Saturday, November 2, 2019

Leather Britches

Time was, back in the day, a floundering newly-wed bride could go to a granny to find directions on how to cook a meal. My mother-in-law was one of those go-to people. She didn't write her recipes. She just did them, and we daughter-in-laws watched and gleaned from her.

Now that I'm the granny...well...please, daughter-in-law, don't watch. I have no special skill to pass along that can't be found in the granny replacement called the internet. Look there.

So if Rebecca Boone, wife of frontiersman Daniel, planned to cook leather britches, she did so because she knew from her mother, who learned from her mother.

I have no such luck. Cooking something such as leather britches is a lost art, gone with the death of the last pioneer wife who toiled over a wood powered cookstove...would be gone, that is, if it were not for Granny Internet.
Once upon a day, there appeared at a club meeting I attended, a man with a bag of what he claimed to be "leather britches." Believe me, the leather britches in that bag did have the appearance of dried leather from whence the name is derived. These weren't strung together in the usual way, but glomped into a plastic grocery bag. Ha. A juxtaposition of modern and pioneer.

I had heard about leather britches, maybe even seen them hanging in pioneer replica museums. I read Laura Ingles Wilder with my fourth graders, and we learned they were green beans that had been strung on a thread in a homesteading way of preserving food for later use. Except that in the Ingles house, as in all pioneer homes, the granny taught not only how to string them, but also how to cook them. And there was my problem. How does one cook these, I asked the man. Alas. He had no granny to tell him either.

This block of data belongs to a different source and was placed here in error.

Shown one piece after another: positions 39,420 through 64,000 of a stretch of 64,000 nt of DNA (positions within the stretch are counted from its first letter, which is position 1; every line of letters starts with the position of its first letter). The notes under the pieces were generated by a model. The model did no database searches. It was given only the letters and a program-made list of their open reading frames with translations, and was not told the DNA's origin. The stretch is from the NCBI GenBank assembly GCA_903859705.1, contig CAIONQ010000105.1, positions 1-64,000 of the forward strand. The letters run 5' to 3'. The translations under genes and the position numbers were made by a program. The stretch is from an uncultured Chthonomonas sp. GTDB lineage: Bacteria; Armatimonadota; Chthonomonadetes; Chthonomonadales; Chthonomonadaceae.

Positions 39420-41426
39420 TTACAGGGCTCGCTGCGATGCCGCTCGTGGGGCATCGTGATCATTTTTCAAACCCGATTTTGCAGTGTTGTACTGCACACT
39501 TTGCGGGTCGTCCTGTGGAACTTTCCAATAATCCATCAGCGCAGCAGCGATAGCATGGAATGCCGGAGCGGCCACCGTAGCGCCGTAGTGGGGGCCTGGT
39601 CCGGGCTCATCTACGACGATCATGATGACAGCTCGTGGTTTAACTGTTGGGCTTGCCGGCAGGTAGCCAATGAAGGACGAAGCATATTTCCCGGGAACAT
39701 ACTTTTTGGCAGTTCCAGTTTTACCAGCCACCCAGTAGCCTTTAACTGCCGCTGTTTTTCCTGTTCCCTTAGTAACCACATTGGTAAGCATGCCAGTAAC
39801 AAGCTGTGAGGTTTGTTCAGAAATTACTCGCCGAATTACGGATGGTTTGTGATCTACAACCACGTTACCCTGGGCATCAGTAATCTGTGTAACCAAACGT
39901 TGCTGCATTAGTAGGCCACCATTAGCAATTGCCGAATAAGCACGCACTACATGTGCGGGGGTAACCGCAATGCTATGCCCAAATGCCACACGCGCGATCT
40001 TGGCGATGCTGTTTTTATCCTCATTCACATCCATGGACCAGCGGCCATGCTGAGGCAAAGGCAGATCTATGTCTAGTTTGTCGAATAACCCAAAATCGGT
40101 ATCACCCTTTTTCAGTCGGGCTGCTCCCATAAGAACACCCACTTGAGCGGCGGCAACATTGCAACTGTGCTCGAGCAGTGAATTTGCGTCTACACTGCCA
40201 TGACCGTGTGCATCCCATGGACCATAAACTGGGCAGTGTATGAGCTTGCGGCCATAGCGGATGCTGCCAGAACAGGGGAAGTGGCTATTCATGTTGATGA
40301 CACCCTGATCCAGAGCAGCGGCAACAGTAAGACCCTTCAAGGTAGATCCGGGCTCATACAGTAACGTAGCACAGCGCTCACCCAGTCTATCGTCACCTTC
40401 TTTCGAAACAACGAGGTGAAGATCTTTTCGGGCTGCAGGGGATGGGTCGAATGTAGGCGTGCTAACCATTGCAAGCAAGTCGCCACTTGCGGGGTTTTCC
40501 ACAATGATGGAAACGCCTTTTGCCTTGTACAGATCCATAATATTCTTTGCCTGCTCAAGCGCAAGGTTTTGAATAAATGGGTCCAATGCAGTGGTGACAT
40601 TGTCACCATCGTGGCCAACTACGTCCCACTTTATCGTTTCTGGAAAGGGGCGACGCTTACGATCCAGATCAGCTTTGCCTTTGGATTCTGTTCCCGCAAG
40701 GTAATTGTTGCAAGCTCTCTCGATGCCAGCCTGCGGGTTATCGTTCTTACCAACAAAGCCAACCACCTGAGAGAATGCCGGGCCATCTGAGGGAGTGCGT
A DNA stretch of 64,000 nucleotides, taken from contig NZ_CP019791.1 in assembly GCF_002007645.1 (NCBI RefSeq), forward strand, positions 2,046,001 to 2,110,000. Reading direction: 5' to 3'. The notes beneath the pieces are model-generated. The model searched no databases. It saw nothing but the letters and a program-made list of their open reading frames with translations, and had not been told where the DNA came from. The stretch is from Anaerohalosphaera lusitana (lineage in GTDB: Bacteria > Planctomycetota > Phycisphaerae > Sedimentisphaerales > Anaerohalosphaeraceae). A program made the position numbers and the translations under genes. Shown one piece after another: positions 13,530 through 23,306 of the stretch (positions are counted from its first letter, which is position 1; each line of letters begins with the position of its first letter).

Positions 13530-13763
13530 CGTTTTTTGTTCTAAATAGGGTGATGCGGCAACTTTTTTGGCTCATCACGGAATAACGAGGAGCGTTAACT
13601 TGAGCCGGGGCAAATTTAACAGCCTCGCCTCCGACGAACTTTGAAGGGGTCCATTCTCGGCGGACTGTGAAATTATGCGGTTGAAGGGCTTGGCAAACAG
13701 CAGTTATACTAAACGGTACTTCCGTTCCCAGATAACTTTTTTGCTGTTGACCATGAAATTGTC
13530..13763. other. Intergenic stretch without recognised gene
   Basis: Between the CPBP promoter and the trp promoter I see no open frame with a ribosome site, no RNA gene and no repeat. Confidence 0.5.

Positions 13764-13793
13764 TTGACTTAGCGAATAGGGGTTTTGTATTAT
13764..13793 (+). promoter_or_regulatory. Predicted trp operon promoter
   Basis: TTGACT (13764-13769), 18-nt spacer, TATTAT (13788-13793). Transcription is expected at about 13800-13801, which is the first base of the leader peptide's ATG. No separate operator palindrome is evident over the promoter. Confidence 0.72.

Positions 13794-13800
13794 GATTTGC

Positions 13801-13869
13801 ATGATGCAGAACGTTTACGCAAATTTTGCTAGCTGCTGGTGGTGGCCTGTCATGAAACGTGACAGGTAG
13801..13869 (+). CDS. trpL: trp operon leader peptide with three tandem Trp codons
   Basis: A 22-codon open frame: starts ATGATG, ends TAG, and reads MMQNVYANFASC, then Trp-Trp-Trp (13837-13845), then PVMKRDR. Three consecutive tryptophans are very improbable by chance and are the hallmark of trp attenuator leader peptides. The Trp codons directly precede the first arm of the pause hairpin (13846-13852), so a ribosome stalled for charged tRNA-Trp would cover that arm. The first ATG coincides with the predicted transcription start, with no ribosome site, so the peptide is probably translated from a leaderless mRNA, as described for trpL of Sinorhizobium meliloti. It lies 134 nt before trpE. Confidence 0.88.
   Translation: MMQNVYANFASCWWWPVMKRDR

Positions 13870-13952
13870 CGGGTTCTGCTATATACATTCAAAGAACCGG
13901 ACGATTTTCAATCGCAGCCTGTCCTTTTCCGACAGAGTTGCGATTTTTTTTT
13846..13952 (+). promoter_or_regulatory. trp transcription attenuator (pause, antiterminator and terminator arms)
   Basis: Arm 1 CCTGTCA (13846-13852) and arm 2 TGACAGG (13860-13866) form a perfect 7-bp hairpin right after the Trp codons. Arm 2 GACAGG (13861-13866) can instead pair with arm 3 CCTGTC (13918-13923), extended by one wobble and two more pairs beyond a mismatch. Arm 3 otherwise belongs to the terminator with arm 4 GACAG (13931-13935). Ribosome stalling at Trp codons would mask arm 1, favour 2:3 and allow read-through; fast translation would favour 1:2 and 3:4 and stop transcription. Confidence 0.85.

I resorted to the modern go-to search engine and voila, Smoky Mountain Living had the answer to How to Cook Leather Britches. The process is long (bless those pioneer women's hearts) and requires a watchful eye, so I set aside a long stay-at-home morning and commenced the grand experiment. I collected the appropriate ingredients, washed the beans, and started the cooking process using bullion cubes rather than the fatback of my mountaineer ancestors.
 They boiled. And boiled. And boiled.
 Until finally...finally...three hours later, I had reconstituted green beans with a most unique flavor.
Okay, so I followed the directions and added the full teaspoon of salt, and realized too late I should have nixed the salt in favor of seasoning already in the bullion cube. Easy fix. I pulled out a boil-in-bag of rice and conveniently (thank you modern life) neutralized some of the salty flavor. I'm glad I experimented, but I don't plan to do it again. Ever.

I can sort of imagine how Rebecca Boone survived without google in her life. I did, once upon a precomputer time. But a little deeper now, my food for thought question is, what are modern grannies good for if google has taken over that role?

Ha! I know the answer to that every time I text my granddaughters or hear a whistle on my cell that a new instagram photo has arrived from one of them. I may not be able to counsel them on leather britches preparations, but I am there for them in a way Rebecca could never in a million years have imagined, and I don't have to spend hours upon hours stirring a pot over a wood stove.

Ain't modern life grand!

Catch of the day,

Gretchen

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